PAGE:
Victims of sexual assault are:

  • 3 times more likely to suffer from depression
  • 6 times more likely to suffer from post-traumatic stress disorder
  • 13 times more likely to abuse alcohol
  • 26 times more likely to abuse drugs
  • 4 times more likely to contemplate suicide

Scripture describes Tamar’s pain following her attack by saying she “put ashes on her head and tore the ornamented robe she was wearing. She put her hand on her head and went away, weeping aloud as she went” (2 Samuel 13:19). Scripture also describes her long-term consequences: she “lived in her brother Absalom’s house, a desolate woman” (verse 20).

Many of the women who come to your office with addictions, depression, panic attacks, or marital problems may have been sexually assaulted in their past — perhaps many years ago. This event is contributing to their present problems. Most of these women do not consciously connect the problems they are currently experiencing to the rape in their past until a caring and knowledgeable counselor or pastor helps them connect the dots.

Here is how you can help victims of sexual assault.

Ask the Right Questions

Woman who come to you for help dealing with a rape will often present another problem. I have helped clients who have been raped work through those painful issues. Not one of these women, however, came to her first session stating that she had been raped. The problems they mention first are depression, panic attacks, addictions, eating disorders, and most frequently, relationship issues with their husband or boyfriend. Only after I build trust and ask key questions do I uncover the deep, painful secret they are living with. I also discover that many women, especially if the assault happened when they were young, have never called the experience rape. Asking, “Have you ever had any unwanted sexual experiences?” seems to be easier for women to answer.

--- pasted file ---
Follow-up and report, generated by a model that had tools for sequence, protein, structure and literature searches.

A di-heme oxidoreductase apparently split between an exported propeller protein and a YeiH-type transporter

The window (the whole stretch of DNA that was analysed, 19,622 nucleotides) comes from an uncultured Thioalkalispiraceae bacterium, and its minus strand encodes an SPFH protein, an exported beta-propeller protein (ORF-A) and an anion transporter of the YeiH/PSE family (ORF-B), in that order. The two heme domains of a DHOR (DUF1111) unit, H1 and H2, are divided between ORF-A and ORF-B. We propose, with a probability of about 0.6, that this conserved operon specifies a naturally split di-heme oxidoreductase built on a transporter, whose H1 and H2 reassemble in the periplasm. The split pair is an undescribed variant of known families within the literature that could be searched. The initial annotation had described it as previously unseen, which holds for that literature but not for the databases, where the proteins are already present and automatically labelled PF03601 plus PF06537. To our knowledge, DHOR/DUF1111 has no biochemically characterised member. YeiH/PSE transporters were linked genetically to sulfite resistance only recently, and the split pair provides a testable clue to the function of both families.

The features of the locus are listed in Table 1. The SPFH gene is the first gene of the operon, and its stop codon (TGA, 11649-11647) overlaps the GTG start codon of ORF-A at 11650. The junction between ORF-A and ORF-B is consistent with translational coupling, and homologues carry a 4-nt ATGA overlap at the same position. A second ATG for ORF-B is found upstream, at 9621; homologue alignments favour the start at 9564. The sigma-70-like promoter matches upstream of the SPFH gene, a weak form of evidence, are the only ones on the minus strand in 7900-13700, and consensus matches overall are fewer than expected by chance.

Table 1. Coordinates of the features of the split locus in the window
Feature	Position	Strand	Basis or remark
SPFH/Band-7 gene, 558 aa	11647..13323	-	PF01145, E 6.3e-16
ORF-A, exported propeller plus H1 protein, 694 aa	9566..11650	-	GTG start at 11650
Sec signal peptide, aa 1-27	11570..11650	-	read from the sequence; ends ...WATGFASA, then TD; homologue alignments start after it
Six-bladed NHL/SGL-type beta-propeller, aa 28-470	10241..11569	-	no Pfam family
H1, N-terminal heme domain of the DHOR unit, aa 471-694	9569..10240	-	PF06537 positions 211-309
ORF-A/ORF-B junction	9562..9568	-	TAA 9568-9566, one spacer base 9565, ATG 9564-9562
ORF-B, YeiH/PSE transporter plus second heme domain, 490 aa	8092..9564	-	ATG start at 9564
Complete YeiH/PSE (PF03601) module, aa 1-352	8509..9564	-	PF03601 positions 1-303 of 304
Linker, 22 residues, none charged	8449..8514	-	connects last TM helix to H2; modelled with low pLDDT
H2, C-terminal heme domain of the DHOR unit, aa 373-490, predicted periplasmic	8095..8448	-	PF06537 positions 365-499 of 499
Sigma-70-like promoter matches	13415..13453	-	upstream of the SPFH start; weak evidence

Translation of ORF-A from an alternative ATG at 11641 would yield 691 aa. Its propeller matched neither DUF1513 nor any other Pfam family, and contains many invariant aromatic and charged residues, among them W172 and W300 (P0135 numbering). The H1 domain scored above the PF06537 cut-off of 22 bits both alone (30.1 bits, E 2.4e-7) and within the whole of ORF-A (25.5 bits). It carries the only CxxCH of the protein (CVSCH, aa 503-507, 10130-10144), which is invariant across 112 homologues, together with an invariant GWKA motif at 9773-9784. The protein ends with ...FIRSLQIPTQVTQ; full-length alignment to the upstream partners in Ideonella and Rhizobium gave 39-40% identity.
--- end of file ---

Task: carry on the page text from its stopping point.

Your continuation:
I ask them to tell me about their first unwanted sexual experience. Many times, their first sexual experience was an assault.

It is often easier for women to speak to other women about these issues. While there are many male counselors and pastors who have training to deal with these issues, women are more comfortable discussing sexual assault with another woman or with another woman present.

Do Not Ask the Wrong Questions

Most of the shame carried by rape victims comes from society, courts, and even well-meaning individuals. They will imply that the victim is responsible for what happened to her. In the account of Tamar, her brother, Amnon, hated her after he assaulted her and sent her away like a worthless piece of trash. Rape victims often feel rejection and secondary wounding following their assault. In 2 Samuel 13:16, Tamar told Amnon, “Sending me away would be a greater wrong than what you have already done to me.” We often heap more pain and shame on rape victims by the way we interact with them about their experience.

Be careful in the questions you ask and the responses you give to a victim of sexual assault. Never ask questions that imply the victim asked for or encouraged the assault. Questions about her clothing, past sexual behavior, or why she made the choices she made at the time of the assault (“Why were you there alone at that time of night?”) are not helpful. She has already run through every If only I had… in her mind. The majority of rape victims blame themselves, in whole or in part, for what happened to them.